Today, there still exists quite a bit of life at the Yogo Gulch. There have been many iterations of the mine since the first discovery of these stones in the 19th century, and the drama surrounding the buy-outs and double-crossings involved could make your head spin. For example, after Jake Hoover’s initial cigar box of blue pebbles was sold to Tiffany & Co. for $3,750, which roughly translates into $100,000 today, Mr. Hoover sold his shares of the dike for $5,000. A British company swooped in, and two months later the same shares were sold by Johnson, Walker and Tolhurst, Ltd. for $100,000. The Yogo Gulch became known as the English Mine for a time. As more claims were staked in the early 20th century, the name changed once again to the American Mine. In the 1920s, after the tough years of WWI, the conglomerated mines began to decline. A flash flood in 1923 destroyed mining equipment and dispersed millions of carats of rough sapphires throughout the region, some of which were plucked from the ground by lucky local Montanans. As each decade passed, old mine claims were drained and went dormant.
However, in 1984, four local residents staked an unexplored claim of the Yogo Gulch, and dubbed it the Vortex Mine. They dug a shaft 280 feet down and began their operation completely underground. They found brilliant blue sapphires present in the ore, and mined for quite some time. In 2008, the Vortex Mine was acquired by a man named Mike Roberts. His goal was to expanded even further underground, but he tragically passed away in 2012 when he was struck by falling rocks.
As of the summer of 2017, the Vortex Mine, the last mine yielding Yogo sapphires, has found new ownership. Don Baide, a resident of Bozeman, Montana, purchased the rights from Mike Roberts’ widow. Don and his son Jason also own and operate The Gem Gallery in Bozeman, which specializes in Montana sapphires, especially stones from Yogo Gulch.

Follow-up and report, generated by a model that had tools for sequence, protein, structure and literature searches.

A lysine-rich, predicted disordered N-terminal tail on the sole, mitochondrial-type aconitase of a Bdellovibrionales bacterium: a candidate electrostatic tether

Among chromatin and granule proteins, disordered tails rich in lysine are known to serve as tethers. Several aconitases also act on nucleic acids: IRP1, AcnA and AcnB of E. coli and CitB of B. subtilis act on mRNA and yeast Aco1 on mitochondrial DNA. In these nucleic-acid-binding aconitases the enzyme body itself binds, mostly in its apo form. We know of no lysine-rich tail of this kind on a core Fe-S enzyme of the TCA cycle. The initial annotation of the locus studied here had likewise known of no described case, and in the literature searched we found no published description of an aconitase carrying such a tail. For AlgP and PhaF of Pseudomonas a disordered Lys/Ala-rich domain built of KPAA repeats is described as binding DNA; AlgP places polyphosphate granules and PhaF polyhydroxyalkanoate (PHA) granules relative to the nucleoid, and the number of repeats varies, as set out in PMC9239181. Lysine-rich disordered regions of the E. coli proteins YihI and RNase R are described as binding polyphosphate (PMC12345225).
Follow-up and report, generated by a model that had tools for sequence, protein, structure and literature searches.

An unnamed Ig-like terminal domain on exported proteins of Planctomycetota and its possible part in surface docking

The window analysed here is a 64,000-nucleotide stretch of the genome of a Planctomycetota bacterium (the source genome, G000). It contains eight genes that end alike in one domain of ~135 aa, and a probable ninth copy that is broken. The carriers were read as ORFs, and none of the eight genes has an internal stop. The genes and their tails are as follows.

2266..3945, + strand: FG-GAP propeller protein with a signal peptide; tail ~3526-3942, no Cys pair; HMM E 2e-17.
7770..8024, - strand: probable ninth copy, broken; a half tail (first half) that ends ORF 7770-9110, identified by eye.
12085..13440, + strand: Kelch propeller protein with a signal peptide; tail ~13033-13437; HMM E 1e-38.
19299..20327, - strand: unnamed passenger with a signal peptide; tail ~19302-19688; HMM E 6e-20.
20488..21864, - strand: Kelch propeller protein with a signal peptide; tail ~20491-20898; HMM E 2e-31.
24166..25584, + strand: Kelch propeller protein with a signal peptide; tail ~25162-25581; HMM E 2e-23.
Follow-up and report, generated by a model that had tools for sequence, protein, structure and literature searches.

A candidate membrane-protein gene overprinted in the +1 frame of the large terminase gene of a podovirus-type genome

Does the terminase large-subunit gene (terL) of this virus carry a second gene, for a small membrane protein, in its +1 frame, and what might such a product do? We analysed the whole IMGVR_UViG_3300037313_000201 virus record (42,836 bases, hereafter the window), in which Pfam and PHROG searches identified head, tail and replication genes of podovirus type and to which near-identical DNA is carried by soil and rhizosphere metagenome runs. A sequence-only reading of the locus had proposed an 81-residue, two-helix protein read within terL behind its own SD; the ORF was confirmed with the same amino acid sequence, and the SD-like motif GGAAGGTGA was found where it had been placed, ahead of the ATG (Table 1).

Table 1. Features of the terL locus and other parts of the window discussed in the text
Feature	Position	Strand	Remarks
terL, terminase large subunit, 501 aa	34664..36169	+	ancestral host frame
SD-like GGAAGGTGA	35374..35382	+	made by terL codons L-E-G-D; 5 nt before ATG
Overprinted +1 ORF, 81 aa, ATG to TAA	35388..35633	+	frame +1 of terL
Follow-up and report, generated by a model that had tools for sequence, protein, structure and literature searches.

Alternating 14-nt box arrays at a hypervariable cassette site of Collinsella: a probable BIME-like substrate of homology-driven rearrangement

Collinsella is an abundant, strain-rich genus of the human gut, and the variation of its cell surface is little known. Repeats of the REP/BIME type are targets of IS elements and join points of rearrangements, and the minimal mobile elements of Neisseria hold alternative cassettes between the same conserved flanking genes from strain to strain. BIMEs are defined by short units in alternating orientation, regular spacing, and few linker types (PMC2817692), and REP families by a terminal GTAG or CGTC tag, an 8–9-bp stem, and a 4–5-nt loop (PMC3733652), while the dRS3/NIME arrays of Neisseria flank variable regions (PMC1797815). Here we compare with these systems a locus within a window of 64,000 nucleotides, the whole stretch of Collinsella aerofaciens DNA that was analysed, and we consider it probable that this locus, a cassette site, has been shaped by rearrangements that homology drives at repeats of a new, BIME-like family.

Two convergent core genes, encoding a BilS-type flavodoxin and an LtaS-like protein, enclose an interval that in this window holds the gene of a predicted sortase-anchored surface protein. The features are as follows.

Jason Baide spoke to The Daily Beast to detail the rollout of their new family operation. As of January 2018, Jason says, “Montana winters can be a bit tough. Our operation doesn’t use any harsh chemicals and instead uses more traditional techniques... using water. Because of the low temperatures and snow that we get, we will start out mining during the warmer months, April-October or so.” After a spring and summer of mining, Jason expects to spend the rest of the year sorting, cutting, and mounting the stones.
When asked why these American-mined stones have meaning in the marketplace today aside from their high quality, beautiful color, and rarity, Jason responded that Yogo sapphires “... have much greater regulation and transparency. You can know for a fact what the environmental impact of a mine is, and that it is conflict free. That’s hard to do with most international gemstones.”
America has a reputation of being an abundant land, chock-full of every natural resource one could possibly imagine. As little Manifest Destiny-laden wagons trundled westward, early settlers and pioneers discovered the amber waves of grain, and the purple (read: amethyst?) mountain majesties, and basically concluded that the West was a land full of treasure. It’s amazing to think how much of that treasure was originally thought of refuse, and how far one little cigar box full of bright blue pebbles would go.